Swimming: Bi-Lateral Breathing

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Bi-lateral breathing (BLB) is a great tool to have in your bag of tricks. I have been swimming to one side my whole life and I figure it’s time to change that. And I want all of my athletes to learn to swim bi-laterally too.

What is bi-lateral breathing?
Bi-lateral breathing requires the swimmer to change breathing sides after each stroke cycle. The cycle could be 3 strokes, 5 strokes or so on. This skill will help eliminate neck and shoulder fatigue and promotes better balance and body alignment. Bilateral breathing is also an essential navigational skill in open water.

Why bi-lateral breathe?
Bi-lateral breathing helps swimmers ‘balance out their stroke and teaches them to rotate their hips on both sides of their stroke.

One of the most common faults in free style swimming is to under roll on the non-breathing side. It’s easy to roll on the side you breathe too, but not so easy to roll on the side you don’t breathe to. This under-rolling can lead to less power as you don’t finish your swim stroke as strongly as you could if you were on your breathing side. Bi-lateral breathing helps you smooth out the stroke, keeps you balanced, and in some cases lets you swim in a straighter line.

One of the most important benefits of bi-lateral breathing is that is helps you to limit the amount of stress that is put on your shoulders due to the constant strain of breathing to only one side. Another benefit of bi-lateral breathing is that you can watch your recovery (is your elbow high and are you fingertips dragging across the water?) and you can watch you hand entry (does your hand enter in the order of fingertips, wrist, elbow, and at a 45 degree angle?). Being aware of what happens on both sides of your stroke will allow you to see what is happening and let you make corrections as you progress. One last advantage of BLB is that in a race you can see what is going on both sides of you, not just one. If the waves are breaking over your right side, you can switch to breathing to your left or vice versa. Also, if you have a swimmer you want to keep up with, you can always see where he/she is if you can BLB.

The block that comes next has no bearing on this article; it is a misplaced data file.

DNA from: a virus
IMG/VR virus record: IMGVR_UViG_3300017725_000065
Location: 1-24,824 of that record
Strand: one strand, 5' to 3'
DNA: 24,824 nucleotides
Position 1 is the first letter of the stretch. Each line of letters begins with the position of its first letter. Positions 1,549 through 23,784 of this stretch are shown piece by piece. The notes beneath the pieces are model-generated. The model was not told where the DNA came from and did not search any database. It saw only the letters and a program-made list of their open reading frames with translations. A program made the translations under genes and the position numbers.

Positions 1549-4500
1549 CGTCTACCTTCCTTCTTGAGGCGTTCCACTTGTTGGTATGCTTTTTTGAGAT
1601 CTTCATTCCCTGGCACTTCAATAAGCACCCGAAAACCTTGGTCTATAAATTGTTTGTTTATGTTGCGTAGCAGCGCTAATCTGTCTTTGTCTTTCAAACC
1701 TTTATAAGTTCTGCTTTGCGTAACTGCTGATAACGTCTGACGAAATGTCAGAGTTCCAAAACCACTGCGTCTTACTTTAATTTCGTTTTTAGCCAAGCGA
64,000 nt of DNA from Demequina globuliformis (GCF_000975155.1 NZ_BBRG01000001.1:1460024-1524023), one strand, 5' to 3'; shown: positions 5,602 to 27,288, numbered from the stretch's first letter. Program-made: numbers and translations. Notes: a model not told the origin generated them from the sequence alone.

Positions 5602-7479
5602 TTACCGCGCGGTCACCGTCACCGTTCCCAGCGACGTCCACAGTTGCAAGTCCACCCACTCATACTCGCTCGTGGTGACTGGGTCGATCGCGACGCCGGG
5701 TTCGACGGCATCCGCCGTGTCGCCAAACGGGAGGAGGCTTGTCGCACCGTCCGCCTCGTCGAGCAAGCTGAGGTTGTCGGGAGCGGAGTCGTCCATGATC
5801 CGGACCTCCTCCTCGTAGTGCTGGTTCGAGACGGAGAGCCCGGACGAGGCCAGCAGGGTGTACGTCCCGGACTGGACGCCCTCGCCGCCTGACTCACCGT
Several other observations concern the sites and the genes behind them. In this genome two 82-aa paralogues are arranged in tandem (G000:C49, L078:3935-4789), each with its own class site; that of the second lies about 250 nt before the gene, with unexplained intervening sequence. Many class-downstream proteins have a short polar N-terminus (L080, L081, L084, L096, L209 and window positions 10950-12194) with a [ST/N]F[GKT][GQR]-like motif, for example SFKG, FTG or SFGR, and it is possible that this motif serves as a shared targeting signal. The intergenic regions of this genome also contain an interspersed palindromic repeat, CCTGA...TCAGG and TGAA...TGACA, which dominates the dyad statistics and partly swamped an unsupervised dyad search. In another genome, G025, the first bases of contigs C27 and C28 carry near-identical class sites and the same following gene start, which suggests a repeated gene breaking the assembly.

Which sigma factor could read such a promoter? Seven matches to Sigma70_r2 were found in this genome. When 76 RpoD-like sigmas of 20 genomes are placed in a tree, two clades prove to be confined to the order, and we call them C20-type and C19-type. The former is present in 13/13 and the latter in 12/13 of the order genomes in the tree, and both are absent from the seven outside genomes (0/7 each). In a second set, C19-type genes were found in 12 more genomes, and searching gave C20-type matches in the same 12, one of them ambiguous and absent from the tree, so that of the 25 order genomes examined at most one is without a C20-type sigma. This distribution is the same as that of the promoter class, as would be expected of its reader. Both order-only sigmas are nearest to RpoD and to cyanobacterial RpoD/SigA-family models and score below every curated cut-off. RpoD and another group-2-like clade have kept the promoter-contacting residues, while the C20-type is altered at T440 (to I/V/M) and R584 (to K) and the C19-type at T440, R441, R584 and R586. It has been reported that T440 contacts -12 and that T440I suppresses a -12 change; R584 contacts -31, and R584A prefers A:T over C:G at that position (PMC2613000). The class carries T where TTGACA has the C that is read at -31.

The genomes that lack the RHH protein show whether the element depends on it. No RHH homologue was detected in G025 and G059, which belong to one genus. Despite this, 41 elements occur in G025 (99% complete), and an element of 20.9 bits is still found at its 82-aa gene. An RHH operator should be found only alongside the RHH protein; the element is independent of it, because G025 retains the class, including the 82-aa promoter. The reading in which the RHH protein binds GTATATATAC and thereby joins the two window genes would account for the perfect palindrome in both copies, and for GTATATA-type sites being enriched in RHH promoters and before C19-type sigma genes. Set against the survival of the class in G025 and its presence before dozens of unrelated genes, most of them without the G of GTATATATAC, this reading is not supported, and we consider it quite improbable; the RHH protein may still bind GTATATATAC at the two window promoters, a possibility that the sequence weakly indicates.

How do I improve my bi-lateral breathing?
The best advice I can give someone who is not proficient at BLB is to ‘just do it’ – start with breathing on your weaker side (the one you aren’t used to breathing on) – when I coached swimming there was always one set per day that had to be swum on the weak side (WS) – it was tough and most swimmers hated it, but it made their BLB swimming that much better. Back then my instructions were to jump in and swim 500 yards on your WS. Now that I am a more compassionate coach I would recommend swimming a 25 BLB, then 50 normal, then 25 BLB again. I like to see swimmers progress from 25 yards all the way up to 200 in a few sessions. Once you get to 200 yards then you can swim sets – like 5×200 on 10 second rest BLB. But wait! You are saying only 10 seconds rest after a 200 yard swim? Yes, that would be correct. The key is to swim the BLB sets easy enough that you not sucking wind (think ‘long and strong’ on your swim stroke). If you can do this then soon enough you will be swimming 1,000 yards or more pretty easily.

BLB swim sets:

  • Warm-up: 200 yards alternating BLB every 3rd length.
  • Main set: 4×100 on 10” rest, with 1st and 4th length being BLB
  • 4×100 on 10” rest with middle 50 being weak side breathing
  • 3×200 on 15” rest. Swim 200 as follows: 50 blb, 50 ws, 50 blb, 50 ws
  • Cool down – same as warm up

More Advanced (simple but effective):

  • Warm-up: 200 yards alternating BLB every 3rd length.
  • Then 45 minutes of 200s blb on 10” rest. These are easy enough to not need much rest, but hard enough to make you focus on the blb. Slow the stroke down and focus on all aspects of your breathing, hand entry, pull, finish, recovery.

If you want to swim fast correctly, you need to learn to swim slowly correctly first! Good luck with developing your new breathing technique!

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